A posthumous portrait from the mid-18th century
|Born||18 June 1681
|Died||19 September 1736 (aged 55)
Feofan/Theophan Prokopovich (18 June 1681, Kiev, Cossack Hetmanate, protectorate of Tsardom of Russia — 19 September 1736, St. Petersburg, Russian Empire) was a Ukrainian-born Russian theologian, writer, poet, mathematician, philosopher, rector of the Kiev-Mogila Academy, Archbishop of Novgorod. He elaborated and implemented Peter the Great's reform of the Russian Orthodox Church. One of the founding fathers of the Russian Academy of Sciences, Prokopovich wrote much religious verse and some of the most enduring sermons in the Russian language.
Eleazar Prokopovich was born in Kiev in the family of a shopkeeper Tsereysky from Smolensk. After the death of Eleazar's father and mother, his maternal uncle Feofan Prokopovich, the governor of the Kiev Brotherhood Epiphany Monastery, professor and rector of the Kiev-Mogila Academy became his guardian.
Eleazar's uncle sent him to the monastery for his primary school. After graduation, Eleazar became a student of the Kiev-Mogila Academy. After his uncle's death, Feofan Prokopovich, it supported the Kiev Metropolitan, rector of Kyiv-Mohyla Academy Barlaam Jasinski.
In 1698, after graduating from the Kiev-Mogila Academy Eleazar decided to continue his education. In the same year he entered the Volodymyr-Volynskyi Uniate Collegium, he lived in the Basilian monastery, where the union takes and tonsured as a monk under the name of Elisha. Uniate Bishop of Volodymyr-Volynskyi Zalensky noticed the unusual abilities of the young monk, and contributed to his translation to the Catholic Academy of St. Athanasius in Rome, which was prepared by theologians to spread Catholicism among the Eastern Orthodox adherents.
In Rome he enjoyed the Vatican Library, in addition to theology studied the works of ancient Latin and Greek philosophers, historians, attractions old and new Rome, the principles of the Catholic faith and of the Pope church acquainted with the works of Tommaso Campanella, Galileo Galilei, Giordano Bruno, Nicolaus Copernicus.
October 28, 1701 left Rome without completing the full course of the academy. He passed through France, Switzerland, Germany, while studying in Halle, where he became acquainted with the ideas of the Protestant Reformation.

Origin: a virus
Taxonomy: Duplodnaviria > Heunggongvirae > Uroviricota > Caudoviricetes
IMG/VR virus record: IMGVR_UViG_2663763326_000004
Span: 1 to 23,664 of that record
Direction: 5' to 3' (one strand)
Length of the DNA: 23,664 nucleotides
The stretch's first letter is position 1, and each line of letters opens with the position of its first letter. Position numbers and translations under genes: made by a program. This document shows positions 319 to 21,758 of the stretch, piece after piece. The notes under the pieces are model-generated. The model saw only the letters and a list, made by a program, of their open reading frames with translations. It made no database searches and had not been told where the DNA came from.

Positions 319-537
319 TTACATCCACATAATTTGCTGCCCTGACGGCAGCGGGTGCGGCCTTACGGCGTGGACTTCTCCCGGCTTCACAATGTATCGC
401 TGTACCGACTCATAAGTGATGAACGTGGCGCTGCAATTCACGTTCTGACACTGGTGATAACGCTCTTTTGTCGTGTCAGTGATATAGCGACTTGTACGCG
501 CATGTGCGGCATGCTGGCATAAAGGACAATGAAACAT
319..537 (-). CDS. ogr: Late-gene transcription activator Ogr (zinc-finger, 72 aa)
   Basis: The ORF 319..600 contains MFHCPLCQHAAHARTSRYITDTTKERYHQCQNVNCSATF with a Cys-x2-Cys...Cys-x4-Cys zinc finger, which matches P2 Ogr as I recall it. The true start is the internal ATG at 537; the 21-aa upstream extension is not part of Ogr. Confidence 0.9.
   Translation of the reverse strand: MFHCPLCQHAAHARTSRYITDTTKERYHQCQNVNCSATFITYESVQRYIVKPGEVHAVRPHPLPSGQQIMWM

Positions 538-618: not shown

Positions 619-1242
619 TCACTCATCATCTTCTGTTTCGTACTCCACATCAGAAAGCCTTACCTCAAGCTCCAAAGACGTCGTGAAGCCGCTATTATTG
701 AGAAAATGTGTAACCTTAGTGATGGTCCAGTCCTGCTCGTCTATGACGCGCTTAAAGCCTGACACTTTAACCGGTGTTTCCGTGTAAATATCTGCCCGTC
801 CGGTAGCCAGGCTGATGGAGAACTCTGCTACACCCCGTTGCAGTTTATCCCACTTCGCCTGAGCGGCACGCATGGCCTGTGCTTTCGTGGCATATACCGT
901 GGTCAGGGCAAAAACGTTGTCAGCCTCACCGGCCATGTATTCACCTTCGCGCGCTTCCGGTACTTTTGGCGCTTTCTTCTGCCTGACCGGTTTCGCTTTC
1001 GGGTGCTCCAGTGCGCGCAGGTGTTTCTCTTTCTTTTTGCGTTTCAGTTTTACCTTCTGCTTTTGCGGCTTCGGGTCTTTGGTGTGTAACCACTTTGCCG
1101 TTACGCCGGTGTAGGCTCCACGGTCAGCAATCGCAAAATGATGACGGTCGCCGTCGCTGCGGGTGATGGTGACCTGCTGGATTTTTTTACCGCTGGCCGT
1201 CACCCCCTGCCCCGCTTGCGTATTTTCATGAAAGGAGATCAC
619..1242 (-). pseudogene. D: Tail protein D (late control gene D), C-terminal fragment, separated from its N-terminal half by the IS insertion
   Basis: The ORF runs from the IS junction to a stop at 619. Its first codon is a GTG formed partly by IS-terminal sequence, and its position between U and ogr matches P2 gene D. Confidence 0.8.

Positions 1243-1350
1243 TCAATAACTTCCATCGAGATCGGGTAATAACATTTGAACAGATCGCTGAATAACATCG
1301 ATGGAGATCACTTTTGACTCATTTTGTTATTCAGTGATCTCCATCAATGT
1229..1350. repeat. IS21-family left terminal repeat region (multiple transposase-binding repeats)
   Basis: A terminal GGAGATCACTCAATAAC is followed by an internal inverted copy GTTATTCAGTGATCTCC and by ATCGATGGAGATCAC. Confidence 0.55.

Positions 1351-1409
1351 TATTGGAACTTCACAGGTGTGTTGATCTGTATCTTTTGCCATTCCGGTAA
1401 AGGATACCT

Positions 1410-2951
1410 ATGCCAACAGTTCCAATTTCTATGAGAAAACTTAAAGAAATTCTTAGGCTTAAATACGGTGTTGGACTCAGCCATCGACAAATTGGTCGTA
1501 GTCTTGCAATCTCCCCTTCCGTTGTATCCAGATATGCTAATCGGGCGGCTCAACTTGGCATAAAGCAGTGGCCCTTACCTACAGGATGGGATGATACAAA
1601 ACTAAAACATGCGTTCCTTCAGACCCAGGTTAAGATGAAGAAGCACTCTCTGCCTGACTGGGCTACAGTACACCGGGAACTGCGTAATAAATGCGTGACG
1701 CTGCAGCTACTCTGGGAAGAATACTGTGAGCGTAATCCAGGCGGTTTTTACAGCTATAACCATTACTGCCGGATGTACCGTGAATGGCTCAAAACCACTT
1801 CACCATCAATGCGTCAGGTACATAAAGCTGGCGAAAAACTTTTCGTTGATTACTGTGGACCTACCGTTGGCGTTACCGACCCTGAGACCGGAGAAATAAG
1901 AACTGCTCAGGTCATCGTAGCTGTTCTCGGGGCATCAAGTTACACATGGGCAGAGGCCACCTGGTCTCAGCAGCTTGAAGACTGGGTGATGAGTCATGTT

He returned to Ukraine in 1704, first to Pochayiv Lavra, then in Kiev, where he renounced the Catholic faith, is penance and tonsure in the Orthodox monks, taking the name Feofan in memory of his uncle.
From 1705 he taught rhetoric, poetics and philosophy at the Kiev-Mogila Collegium, wrote the tragicomedy "Vladimir", dedicating it to Hetman Ivan Mazepa. At the same time he write and pronounced the theological and philosophical sermon through which were seen by the Kiev governor-general Dmitry Golitsyn and Alexander Menshikov.
In 1707 he became Prefect of the Kiev-Mogila Academy.
In 1711 Tsar of Muscovy Peter I in the Treaty of the Pruth, in Iași was struck by the eloquence of Prokopovich in a sermon on the occasion of the anniversary of the Battle of Poltava. Upon returning to Kiev, Feofan Prokopovich was appointed rector of the Kiev-Mogila Academy and professor of theology. At the same time he became abbot of the Kiev Brotherhood Epiphany Monastery. He entirely reformed the teaching of theology there, substituting the historical method of the German theologians for the former Orthodox scholastic system.
In 1716 he was to St Petersburg. From henceforth it was Prokopovich's duty and pleasure to explain the new ideas and justify the most alarming innovations from the pulpit. He became so invaluable to the civil power that despite the determined opposition of the Russian clergy, who regarded the "Light of Kiev" as an interloper and semi-heretic, he was rapidly promoted, becoming, in 1718, bishop of Pskov, and finally, in 1725, archbishop of Novgorod.1
As the author of the spiritual regulation for the reform of the Russian Orthodox Church, Feofan is regarded as the creator of the spiritual department superseding the patriarchate, and better known by its later name of the Holy Governing Synod, of which he was made vice-president. Penetrated by the conviction that ignorance was the worst of the inveterate evils of old Russia, a pitiless enemy of superstition of every sort; a reformer by nature, resourceful, Prokopovich continued to be a reformer after the death of Peter the Great.
1 He had served as vicar to the previous Archbishop of Novgorod since the early 18th century. See Pavel Tikhomirov, Kafedra Novgorodskikh Sviatitelei (Novgorod, 1895–1899).
- I. Chistovitch, Theofan Prokopovich and his Times (Rus.; Petersburg, 1868)
- P. Morozov, Theophan Prokopovich as a Writer (Rus.; Petersburg, 1880).
- This article incorporates text from a publication now in the public domain: Chisholm, Hugh, ed. (1911). "article name needed". Encyclopædia Britannica (11th ed.). Cambridge University Press.